Tuesday, April 11, 2017

Daily Corrections Clips

CALIFORNIA INMATES

Tom Wright, Monterey Herald

Soledad >> California Department of Corrections and Rehabilitation officials said minimum security inmate Brian Martin, 22, was apprehended Monday after walking away from the minimum-support facility at Salinas Valley State Prison on Sunday.

Martin was apprehended at about 11:30 a.m. by police in Gonzales. He was taken into custody without incident and authorities returned him to Salinas Valley State Prison.

Michael Newberg, CNBC

Walking through the yard at California's historic San Quentin State Prison, the oldest in the state, it's difficult to keep movie clichés from popping into one's head.

Surrounded by high barbed-wire-topped walls and amidst groups of men playing basketball and doing push-ups under a blue sky, a line from the quintessential 1994 film "The Shawshank Redemption" came to mind. In the film, Tim Robbins' character Andy Dufresne, falsely imprisoned for murder, extols the virtue of hope upon his prison pal Red, played by Morgan Freeman. "Remember Red, hope is a good thing, maybe the best of things, and no good thing ever dies."

For a select group of motivated inmates at San Quentin, located just outside of San Francisco, hope comes in the form of an intrepid non-profit called The Last Mile, which is teaching convicts how to code and working with Silicon Valley companies to give hardened criminals a shot at success once they're released.

DEATH PENALTY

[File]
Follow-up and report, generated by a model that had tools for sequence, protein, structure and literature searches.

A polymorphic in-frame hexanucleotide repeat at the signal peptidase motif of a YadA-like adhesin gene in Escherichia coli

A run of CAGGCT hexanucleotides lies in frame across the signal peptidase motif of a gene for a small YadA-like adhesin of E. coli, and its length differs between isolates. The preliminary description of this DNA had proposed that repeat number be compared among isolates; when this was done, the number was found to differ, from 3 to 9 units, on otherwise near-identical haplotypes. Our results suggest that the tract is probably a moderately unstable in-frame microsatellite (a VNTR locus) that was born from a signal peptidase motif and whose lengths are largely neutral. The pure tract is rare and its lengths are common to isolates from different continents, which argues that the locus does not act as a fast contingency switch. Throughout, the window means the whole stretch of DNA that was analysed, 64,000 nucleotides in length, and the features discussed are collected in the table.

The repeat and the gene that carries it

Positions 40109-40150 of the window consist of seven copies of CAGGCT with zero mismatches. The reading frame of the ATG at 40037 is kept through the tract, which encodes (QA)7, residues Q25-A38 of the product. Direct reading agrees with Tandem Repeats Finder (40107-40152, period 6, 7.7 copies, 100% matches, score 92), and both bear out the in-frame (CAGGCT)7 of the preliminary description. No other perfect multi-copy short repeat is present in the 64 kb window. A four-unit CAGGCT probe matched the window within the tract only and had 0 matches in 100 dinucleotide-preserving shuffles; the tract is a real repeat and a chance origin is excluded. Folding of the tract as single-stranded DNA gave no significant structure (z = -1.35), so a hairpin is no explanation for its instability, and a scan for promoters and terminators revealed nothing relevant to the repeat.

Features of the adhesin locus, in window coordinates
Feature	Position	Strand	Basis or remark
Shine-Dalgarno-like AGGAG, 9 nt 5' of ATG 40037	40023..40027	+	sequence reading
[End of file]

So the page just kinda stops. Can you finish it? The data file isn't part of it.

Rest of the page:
Jane Braxton Little, The Sacramento Bee

ALTURAS- The former head of a Northern California Indian tribe was sentenced to death Monday for a 2014 rampage inside the tribal hall that left four people dead.

In sentencing Cherie Louise Rhoades, Judge Candace Beason called the killings at the Cedarville Rancheria Tribal Headquarters “intentional, premeditated and willful.” Beason rejected the option to modify a Placer County jury’s death sentence to life in prison.

Dressed in a gray-striped prison jumpsuit and orange plastic shoes, Rhoades, 47, shook her head as she listened to the judge read the sentence during a three-hour hearing in Modoc County Superior Court.

CORRECTIONS RELATED

Alejandra Salazar, Peninsula Press

In 2009, José Cabrera was stuck. He had recently been released from prison, returned to his hometown of East Palo Alto, and was trapped in a constant battle between his personal willpower and the systematic oppression of minority communities like his own. He’ll tell you that his life could have gone in a lot of different directions. Many of them would have landed him back behind bars.

“All I knew is I didn’t want to go back, but I didn’t know how I was going to do that change,” Cabrera said. “This turned out to be a blessing.”

By “this,” Cabrera means meeting David Lewis and participating in his East Palo Alto re-entry program. He will tell you that it took a few tries to get into it, that he was resistant at first (participation was mandatory for parolees like him living in EPA at the time, which made him skeptical). But the program eventually did what it was supposed to: it kept him away from prison and effectively changed his life.